You obviously need the technology process experts, because they are the ones that know what’s possible from a technical perspective…what type of functionalities can be developed. But by involving HR professionals in the process, you’re going to get the perspective of your end users and what they need a technology solution to accomplish. You can offer all sorts of fancy technical design and bells and whistles, but they won’t mean anything if all of those features and functionality don’t do what HR pros need them to do. I think you get real life, valuable business perspective by involving those who will have to use (or at least select and implement) the solution.
Q. What do you want HR professionals to understand about the process of selecting HR software? What are the key considerations?
You need to have a full understanding of what your needs are before you even start the process. If you’re selecting a brand new solution, know exactly what you need it to do and which business issues/needs it will address. If you are replacing a current system, have a full understanding of exactly what your current system does, what you still need the new system to do, and where your current system is lacking and how you’d like the new system to address those gaps. What are your “need to haves” vs. your “nice to haves?” Once you begin the demo process, you can never ask too many questions. It can be easy to get caught in making assumptions or just hearing what you want to hear during the initial demo and selection process. And it’s probably wise to involve a few end users in the process to not only get their perspective (they may bring up questions or issues you don’t think of) and get their buy-in. They may end up being your advocates for the system once you start the roll-out.
Q. What advice do you have for HR professionals that will help to ensure a more successful technology implementation? Where are most mistakes made?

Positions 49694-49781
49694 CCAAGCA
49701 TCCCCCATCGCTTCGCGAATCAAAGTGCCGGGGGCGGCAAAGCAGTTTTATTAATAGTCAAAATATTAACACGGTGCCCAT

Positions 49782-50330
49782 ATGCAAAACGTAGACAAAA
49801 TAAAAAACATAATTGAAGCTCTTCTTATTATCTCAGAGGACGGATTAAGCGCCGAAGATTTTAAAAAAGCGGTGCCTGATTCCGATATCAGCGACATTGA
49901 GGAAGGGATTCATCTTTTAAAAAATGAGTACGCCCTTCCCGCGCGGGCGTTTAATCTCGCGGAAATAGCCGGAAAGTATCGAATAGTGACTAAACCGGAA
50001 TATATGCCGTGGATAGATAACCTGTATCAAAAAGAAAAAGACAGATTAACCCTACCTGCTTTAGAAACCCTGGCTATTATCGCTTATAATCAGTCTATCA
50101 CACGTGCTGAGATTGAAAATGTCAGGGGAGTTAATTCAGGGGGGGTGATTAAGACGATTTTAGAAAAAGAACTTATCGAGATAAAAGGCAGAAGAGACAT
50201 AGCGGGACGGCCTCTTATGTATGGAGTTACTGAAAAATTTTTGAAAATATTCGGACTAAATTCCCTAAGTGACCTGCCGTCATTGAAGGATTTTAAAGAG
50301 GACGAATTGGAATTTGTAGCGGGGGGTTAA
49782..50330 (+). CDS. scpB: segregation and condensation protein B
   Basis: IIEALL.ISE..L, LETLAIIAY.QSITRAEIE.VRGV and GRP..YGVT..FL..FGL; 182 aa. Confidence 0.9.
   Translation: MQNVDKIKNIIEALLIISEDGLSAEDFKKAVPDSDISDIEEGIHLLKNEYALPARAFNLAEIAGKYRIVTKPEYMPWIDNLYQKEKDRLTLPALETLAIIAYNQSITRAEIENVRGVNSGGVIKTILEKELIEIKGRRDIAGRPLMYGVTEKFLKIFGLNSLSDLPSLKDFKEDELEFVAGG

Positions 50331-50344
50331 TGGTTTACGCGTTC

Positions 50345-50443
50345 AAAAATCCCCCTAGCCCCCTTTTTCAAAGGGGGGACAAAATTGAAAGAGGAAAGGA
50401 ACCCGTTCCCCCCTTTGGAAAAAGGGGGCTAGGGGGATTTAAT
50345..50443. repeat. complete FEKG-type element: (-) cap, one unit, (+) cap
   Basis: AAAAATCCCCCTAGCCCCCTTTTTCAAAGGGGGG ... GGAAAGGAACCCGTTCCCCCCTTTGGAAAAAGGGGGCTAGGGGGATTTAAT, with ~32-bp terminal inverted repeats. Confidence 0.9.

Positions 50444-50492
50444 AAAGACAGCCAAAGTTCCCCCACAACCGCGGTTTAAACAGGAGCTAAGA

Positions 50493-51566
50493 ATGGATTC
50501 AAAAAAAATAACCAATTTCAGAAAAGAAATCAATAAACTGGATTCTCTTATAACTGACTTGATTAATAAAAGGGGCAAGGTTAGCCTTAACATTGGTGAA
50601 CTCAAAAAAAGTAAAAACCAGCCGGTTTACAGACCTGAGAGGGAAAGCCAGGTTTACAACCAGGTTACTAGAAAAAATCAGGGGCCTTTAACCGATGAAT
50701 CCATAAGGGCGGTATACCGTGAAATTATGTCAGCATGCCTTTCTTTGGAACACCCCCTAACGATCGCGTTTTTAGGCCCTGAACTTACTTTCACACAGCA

Sort of echoing what I said in my previous response, making assumptions and not asking enough questions are definite pitfalls, and involving end users is important. Beyond that, I would say not allowing for a realistic timeframe (i.e. trying to rush the project) and not allowing ample time for testing are big mistakes. Your implementation team will give provide a project plan and associated timelines and deadlines – make sure you listen to them! They’ve done this before and know what you’re likely to encounter along the way. And make sure you have plans for both thorough end-user training and support post go-live. Know what kind of support your vendor partner is going to provide and what you’re going to be expected to provide internally….again, don’t make any assumptions!
Q. What are the biggest challenges to employee adoption of new HR technology and what advice would you give to HR professionals to ensure that employee adoption of new HR technology is successful?
I think in general many people tend to be afraid of change; if not afraid, then at least a little wary. It may be because they just don’t like change, they may see themselves as not tech savvy, or they may just feel like they are too busy to learn something new. Of course you have those “early adopter” types who jump at the chance to embrace new technology, but especially in larger, more traditional organizations, you may encounter some resistance. This is why it’s important to involve end users in implementation and roll-out. Getting their buy-in early creates those advocates who can then articulate the benefits to their peers. Then a thorough communication and training plan is key. This plan should explain the reason for the change, explain how it’s going to benefit the organization – and, even more importantly, the end users themselves, and provide detailed support materials on how to use the system. And finally , an ongoing support plan to continue to help and guide end users as they start to utilize the technology is just as important as all of the steps leading up to roll-out.
Q. As technology evolves, what do you think the future of HR will look like?
I don’t think this is anything that hasn’t been said before, but the more technology we have at our disposal, the more we can automate processes and put information and functionality into the hands of our employees, the more we will move away from administrative and transactional-based jobs to strategic and advisory type roles. I think HR will have the opportunity to facilitate more business decisions by teaching people how to use the tools available to access data and make better decisions; and we ourselves will be able to access more data to make better business recommendations and decisions too. It’s exciting because there’s an opportunity to keep elevating our profession and become known as departments of strategic advisors rather than just “doers.”